Therapeutic Lifestyle Changes (TLC)
Things you can do
Therapeutic Lifestyle Changes (TLC) may help you lower Reference LDL cholesterol Opens New Window. The lifestyle changes include diet, exercise, weight loss, and other changes. Your doctor will want you to follow TLC even if you are taking cholesterol-lowering medicine. And medicine will be more effective if you have healthy eating and exercise habits.
- Diet. Reference Diets to lower cholesterol are low in fat—especially saturated fat—and cholesterol. One of the best things you can do is reduce the amount of saturated fat you eat.
- Exercise. You may need to change your exercise habits. Regular exercise, or no exercise, affects your cholesterol level and your overall heart health. People who have an active lifestyle have a lower risk for Reference coronary artery disease (CAD) Opens New Window than do people who have a sedentary lifestyle.
- Weight loss. Excess weight tends to increase your LDL cholesterol level. Losing just 5 to 10 pounds (2.3 to 4.5 kilograms) can lower your cholesterol and Reference triglyceride Opens New Window levels. Eating a diet low in saturated fat and cholesterol, Reference exercising regularly, and cutting calories will help you lose weight.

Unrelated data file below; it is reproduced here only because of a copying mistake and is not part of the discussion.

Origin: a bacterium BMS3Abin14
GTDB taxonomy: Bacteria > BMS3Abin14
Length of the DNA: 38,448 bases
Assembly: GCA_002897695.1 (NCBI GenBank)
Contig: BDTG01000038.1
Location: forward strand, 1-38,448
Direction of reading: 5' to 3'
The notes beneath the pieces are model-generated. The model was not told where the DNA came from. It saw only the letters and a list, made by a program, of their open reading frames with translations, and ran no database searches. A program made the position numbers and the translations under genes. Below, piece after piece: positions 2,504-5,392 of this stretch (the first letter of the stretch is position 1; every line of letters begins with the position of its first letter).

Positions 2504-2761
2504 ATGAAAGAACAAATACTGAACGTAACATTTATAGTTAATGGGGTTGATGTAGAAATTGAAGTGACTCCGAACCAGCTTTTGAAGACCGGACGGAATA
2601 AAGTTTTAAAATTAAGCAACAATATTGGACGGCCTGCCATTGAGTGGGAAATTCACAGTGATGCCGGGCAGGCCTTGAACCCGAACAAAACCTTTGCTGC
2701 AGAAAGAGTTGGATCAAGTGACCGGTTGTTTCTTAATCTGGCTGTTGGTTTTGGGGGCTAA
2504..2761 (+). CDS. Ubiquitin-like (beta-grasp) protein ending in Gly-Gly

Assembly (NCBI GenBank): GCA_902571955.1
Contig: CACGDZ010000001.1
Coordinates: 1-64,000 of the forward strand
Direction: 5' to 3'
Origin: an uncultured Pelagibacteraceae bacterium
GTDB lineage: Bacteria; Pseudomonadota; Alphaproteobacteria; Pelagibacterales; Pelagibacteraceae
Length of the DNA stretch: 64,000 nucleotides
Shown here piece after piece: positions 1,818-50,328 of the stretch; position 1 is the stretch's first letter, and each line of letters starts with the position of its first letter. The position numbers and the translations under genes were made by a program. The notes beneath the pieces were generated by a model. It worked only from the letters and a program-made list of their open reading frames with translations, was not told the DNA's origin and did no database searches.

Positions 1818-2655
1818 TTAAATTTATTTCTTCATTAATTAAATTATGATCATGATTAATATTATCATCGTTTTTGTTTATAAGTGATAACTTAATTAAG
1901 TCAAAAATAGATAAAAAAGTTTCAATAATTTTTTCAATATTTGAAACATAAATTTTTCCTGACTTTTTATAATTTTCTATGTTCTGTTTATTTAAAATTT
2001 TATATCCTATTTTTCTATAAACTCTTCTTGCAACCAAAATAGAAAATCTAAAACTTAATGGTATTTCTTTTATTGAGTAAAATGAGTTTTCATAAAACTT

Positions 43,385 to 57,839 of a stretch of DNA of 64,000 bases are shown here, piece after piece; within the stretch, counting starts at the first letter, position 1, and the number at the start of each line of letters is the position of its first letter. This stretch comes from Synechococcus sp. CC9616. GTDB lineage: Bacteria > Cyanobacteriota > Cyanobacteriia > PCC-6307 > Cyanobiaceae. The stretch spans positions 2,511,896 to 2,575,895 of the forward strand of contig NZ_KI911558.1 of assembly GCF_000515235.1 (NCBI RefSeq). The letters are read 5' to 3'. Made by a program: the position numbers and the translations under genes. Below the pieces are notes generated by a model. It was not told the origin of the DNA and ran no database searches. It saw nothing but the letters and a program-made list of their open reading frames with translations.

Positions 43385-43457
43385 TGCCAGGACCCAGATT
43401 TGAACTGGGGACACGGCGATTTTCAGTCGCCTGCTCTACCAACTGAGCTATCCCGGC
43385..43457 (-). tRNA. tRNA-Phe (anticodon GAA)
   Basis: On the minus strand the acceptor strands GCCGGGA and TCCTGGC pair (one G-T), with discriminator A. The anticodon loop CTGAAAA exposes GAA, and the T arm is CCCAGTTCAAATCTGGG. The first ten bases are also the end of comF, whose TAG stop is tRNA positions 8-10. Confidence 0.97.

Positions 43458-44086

Other lifestyle changes to think about. There are a number of other lifestyle changes that improve
cholesterol levels, reduce your risk of
Reference atherosclerosis Opens New Window, and improve your general health.
- Stop smoking cigarettes. Cigarette smoking is the leading preventable cause of death. Smoking decreases your Reference HDL ("good") cholesterol Opens New Window. Smoking is believed to change LDL cholesterol to a form that promotes the buildup of deposits in the walls of your coronary arteries. Smoking significantly increases your overall chances of developing heart disease, because it damages your heart and blood vessels.
- Reduce stress. Try to minimize stressful situations as much as possible at work, at home, and elsewhere. You may also ask your doctor for advice on ways to reduce stress.
|By:||Reference Healthwise Staff||Last Revised: Reference June 18, 2012|
|Medical Review:||Reference E. Gregory Thompson, MD - Internal Medicine
Reference Rhonda O'Brien, MS, RD, CDE - Certified Diabetes Educator